Prime Minister Benjamin Netanyahu's son said on Monday that his father was amused and even invigorated by the protests against him, labeling the demonstrators "aliens."
In an interview with Israel Airwaves Radio, Yair Netanyahu said he showed his father “select parts” from the demonstrations.
"I try and not show him the obscene things because that would be unpleasant, but you know, he finds it entertaining, gives him a bit of strength even," said Netanyahu.
For many weeks, protests have been taking place almost daily across Israel, including outside the home of the premier who was indicted in November 2019 for corruption, fraud and breach of trust in three cases - a first for an incumbent Israeli prime minister.
Protesters called for Netanyahu's departure from office and denounced the government's mismanagement of the coronavirus pandemic.
Netanyahu later backtracked on his statements on Twitter, saying he did not intend to brand all demonstrators as "aliens", but a selected few who arrive at rallies in costumes.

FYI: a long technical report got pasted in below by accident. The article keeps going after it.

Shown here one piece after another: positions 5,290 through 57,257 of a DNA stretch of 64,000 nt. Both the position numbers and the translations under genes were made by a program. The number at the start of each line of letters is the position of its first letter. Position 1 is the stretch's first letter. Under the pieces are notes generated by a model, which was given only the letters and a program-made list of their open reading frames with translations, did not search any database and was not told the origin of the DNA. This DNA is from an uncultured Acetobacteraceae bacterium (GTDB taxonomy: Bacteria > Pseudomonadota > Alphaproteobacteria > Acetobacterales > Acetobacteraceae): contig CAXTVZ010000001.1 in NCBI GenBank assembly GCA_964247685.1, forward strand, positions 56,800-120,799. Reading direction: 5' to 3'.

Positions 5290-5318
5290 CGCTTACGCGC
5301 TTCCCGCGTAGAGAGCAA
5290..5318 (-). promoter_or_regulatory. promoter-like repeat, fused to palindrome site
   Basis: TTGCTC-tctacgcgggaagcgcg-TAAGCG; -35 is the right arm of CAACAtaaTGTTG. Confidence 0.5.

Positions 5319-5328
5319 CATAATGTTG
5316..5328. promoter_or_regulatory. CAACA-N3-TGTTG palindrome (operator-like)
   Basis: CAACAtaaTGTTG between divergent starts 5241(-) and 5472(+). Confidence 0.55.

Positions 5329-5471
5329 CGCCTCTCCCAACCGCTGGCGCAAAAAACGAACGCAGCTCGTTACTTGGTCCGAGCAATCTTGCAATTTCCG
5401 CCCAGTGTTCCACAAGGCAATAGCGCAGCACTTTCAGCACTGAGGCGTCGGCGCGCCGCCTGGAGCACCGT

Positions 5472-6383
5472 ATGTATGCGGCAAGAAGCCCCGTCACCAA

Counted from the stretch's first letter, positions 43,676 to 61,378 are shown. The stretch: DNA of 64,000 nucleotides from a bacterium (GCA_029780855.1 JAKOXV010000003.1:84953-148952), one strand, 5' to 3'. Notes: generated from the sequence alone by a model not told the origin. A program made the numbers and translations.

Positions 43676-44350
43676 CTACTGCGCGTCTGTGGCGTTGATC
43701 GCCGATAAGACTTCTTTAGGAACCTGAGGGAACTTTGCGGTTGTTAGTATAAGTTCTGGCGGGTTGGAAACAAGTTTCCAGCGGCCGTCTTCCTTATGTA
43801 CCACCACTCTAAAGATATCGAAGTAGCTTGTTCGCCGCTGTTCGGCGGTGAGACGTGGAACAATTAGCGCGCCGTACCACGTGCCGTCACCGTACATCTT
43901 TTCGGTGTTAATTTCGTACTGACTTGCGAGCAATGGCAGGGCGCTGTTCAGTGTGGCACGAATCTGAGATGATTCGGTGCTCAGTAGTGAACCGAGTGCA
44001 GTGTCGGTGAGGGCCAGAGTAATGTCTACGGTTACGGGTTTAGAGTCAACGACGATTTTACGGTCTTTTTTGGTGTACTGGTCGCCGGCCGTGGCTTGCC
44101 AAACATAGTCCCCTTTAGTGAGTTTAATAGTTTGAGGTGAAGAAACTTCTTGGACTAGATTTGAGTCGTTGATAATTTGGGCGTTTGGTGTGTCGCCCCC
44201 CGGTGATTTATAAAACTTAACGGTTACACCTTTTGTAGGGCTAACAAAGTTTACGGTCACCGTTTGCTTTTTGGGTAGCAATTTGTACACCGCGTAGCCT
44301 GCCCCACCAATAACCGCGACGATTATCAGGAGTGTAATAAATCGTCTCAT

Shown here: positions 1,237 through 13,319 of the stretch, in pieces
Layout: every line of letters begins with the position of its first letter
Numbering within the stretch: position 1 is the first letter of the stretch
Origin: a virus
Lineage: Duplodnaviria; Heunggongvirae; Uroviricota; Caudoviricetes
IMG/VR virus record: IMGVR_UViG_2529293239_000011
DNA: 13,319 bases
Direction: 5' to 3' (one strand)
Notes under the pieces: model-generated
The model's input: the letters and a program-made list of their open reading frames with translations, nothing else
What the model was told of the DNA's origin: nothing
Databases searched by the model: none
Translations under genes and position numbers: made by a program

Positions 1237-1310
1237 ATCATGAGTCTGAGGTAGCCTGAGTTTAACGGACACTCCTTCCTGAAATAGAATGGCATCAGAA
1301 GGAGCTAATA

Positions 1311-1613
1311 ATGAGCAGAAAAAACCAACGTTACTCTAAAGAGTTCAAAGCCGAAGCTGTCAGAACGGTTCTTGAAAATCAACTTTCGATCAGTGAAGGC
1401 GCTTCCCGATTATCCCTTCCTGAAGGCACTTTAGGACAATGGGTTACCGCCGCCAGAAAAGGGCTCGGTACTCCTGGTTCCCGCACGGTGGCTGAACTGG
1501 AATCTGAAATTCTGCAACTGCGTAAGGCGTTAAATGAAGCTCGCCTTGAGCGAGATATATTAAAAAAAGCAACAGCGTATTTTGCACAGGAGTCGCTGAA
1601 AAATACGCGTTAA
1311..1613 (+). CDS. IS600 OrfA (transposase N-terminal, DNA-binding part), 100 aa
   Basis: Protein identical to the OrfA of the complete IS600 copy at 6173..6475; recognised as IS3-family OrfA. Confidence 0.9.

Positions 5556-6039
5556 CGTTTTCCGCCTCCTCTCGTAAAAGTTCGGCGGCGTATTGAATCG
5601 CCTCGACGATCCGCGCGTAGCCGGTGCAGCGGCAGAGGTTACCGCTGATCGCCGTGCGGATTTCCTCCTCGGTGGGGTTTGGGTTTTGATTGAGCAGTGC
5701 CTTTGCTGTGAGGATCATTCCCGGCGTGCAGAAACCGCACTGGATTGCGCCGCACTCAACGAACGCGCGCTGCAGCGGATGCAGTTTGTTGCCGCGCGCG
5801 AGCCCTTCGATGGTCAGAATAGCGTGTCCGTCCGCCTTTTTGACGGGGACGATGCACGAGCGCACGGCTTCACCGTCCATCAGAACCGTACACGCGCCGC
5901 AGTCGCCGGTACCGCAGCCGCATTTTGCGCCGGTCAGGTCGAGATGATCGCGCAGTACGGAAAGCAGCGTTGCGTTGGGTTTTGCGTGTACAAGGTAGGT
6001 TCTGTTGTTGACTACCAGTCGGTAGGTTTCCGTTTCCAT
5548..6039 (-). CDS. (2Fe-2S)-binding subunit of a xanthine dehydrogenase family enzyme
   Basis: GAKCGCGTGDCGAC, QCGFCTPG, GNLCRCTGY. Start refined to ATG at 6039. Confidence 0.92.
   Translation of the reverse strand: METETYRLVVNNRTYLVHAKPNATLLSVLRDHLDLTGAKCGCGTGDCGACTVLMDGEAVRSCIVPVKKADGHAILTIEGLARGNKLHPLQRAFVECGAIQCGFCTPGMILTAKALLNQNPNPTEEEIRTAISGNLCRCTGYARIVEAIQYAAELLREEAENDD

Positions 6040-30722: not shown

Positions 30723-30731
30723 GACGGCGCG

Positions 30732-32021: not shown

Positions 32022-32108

“When I spoke about ‘aliens,’ at the left-wing protests in Jerusalem, I meant those who were dressed up as aliens and UFOs, those who strip, those who dress up as genitals, those who brandish crude signs, those who put a spaghetti pot on their heads and those dressed up as Spider-Man. There are too many of these, and it’s funny," Netanyahu wrote.
In response, the organizers of the protests accused the prime minister’s son of dehumanizing them.
“For the family of the accused, we are not even human — aliens. This is not a prime minister, it’s a criminal suspect for whom the plight of his people is a source of amusement. The protests will continue to grow until he resigns,” they said.
A Jerusalem court ordered Yair Netanyahu on Sunday to stop "harassing" the organizers of protests calling for his father's ouster.
Netanyahu tweeted the personal addresses of the organizers of the protests outside the prime minister's official residence in Jerusalem on Thursday and called for similar demonstrations outside their homes.
"I invite everyone to demonstrate, day and night, in front of the houses of these people who organize anarchy in our country," he tweeted.
Justice Dorit Feinstein demanded the tweet be deleted and added in her ruling that he must "cease harassing protest organizers for six months and no longer publish their private addresses."